Robert Galbraith creates a cracking good mystery in The Cuckoo’s Calling. Just in case you didn’t already know, Galbraith is the pseudonym for J.K. Rowling, of Harry Potter fame. However, this is only my second Rowling book. I’m not a Potter fan. This series, though? Love it! From now on, I’ll use the pseudonym when referring to the author. More mysterious, isn’t it?

In Cuckoo’s Calling, Lula Landry is a supermodel. She’s also living with bipolar disorder. And she’s the adopted daughter of a haughty English family. It’s quite a heady combination for a young woman, and she isn’t so sure of herself. However, as the story begins, Lula goes over the balcony of her luxury flat and dies.

Naturally, the police imagine it’s suicide. But her brother John isn’t convinced. So he hires down-and-out private eye Cormoran Strike to investigate further. Strike has plenty of his own baggage, including previous Army service, a prosthetic leg, spiteful ex, and mounting debts. He’s a quintessential underdog. Along for the ride is Strike’s temporary assistant, Robin, who’s always dreamed of being a detective.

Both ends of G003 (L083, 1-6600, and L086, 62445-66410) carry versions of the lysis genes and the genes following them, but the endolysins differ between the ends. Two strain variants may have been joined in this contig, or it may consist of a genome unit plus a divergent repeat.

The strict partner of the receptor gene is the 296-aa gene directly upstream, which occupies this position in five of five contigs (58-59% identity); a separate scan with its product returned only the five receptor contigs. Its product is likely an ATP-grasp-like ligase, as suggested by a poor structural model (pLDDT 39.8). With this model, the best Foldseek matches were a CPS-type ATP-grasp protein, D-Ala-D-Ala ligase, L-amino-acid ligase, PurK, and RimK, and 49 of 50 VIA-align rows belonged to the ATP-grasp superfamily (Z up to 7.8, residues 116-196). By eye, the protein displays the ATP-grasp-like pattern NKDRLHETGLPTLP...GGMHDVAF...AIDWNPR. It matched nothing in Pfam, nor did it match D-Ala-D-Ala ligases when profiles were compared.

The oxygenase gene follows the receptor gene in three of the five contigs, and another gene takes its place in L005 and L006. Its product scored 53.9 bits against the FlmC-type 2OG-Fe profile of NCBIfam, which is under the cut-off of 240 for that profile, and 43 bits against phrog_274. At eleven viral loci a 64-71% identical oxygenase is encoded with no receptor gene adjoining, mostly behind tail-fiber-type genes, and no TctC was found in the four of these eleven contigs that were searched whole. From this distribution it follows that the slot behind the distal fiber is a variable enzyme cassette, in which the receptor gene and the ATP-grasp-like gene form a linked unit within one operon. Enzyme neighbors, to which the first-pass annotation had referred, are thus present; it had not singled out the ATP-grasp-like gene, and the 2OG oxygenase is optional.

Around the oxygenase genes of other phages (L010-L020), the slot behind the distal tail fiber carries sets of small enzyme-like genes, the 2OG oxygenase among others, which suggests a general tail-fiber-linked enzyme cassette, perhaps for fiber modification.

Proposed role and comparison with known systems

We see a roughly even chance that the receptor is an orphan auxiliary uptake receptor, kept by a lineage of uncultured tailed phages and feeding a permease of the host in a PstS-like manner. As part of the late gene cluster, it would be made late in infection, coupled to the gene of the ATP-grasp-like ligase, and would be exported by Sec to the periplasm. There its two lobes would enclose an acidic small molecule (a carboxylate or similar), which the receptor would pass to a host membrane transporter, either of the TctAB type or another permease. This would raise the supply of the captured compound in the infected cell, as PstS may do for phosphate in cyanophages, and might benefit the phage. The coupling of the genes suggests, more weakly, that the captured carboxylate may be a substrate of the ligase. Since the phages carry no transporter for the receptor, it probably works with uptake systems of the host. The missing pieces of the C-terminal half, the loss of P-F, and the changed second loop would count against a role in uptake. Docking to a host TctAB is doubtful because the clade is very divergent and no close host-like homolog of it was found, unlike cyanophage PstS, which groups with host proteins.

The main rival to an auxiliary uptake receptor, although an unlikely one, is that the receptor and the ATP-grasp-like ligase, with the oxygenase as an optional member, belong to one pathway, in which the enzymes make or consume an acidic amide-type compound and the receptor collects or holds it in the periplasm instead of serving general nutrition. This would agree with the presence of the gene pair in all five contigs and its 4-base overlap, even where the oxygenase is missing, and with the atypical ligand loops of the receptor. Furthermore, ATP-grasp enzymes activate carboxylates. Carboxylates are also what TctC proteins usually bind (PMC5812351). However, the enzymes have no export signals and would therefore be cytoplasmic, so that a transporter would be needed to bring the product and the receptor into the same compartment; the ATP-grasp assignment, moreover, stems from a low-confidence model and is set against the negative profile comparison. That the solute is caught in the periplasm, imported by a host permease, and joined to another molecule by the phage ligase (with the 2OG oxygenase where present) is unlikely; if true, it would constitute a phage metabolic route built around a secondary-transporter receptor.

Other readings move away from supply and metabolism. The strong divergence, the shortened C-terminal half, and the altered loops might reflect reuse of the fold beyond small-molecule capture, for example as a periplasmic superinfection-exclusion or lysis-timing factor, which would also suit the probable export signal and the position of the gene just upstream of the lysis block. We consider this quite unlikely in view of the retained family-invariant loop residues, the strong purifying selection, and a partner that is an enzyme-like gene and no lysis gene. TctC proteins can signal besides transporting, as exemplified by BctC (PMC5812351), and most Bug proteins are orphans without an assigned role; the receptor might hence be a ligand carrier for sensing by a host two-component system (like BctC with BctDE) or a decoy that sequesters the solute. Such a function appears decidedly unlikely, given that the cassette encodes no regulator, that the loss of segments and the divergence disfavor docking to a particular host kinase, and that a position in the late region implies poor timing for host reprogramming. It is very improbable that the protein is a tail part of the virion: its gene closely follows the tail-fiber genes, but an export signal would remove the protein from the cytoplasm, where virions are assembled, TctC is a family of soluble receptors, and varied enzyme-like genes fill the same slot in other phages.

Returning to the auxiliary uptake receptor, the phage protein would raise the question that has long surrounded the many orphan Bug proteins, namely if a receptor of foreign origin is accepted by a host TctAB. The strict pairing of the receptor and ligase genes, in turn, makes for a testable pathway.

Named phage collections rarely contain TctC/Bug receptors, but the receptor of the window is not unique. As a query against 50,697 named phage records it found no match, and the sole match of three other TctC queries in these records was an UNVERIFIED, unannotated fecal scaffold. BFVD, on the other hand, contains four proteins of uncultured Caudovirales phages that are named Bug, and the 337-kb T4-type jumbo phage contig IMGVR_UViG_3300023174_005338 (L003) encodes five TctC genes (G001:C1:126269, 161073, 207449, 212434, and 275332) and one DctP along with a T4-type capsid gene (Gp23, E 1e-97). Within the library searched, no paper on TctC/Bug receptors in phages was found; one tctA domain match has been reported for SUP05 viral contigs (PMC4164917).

My conclusions

Strike is a dogged investigator. He’s the proverbial pit bull who sinks his teeth in and won’t let go. And Galbraith gave me enough details about Lula to ensure I’d get emotionally involved with her tragic demise. Robin is a smart, engaging foil to Strike too.

The number of characters is fairly numerous, which helps add to the potential suspects. Galbraith keeps all the possible motives coming at Strike, and his investigative prowess is truly tested. I had plenty of whodunit theories!

I like all of the distinctly English places and terminology. Kudos to author and publisher for not Americanizing the language or story. Once again, a book has made me wish for more time and money to travel. But this kind of armchair traveling and detecting works too!

I’ve been buying the books from this series when they’ve gone on sale, so I’m stoked to have the next two ready to go. It won’t be long before I jump back into Galbraith’s, and Cormoran Strike’s, London.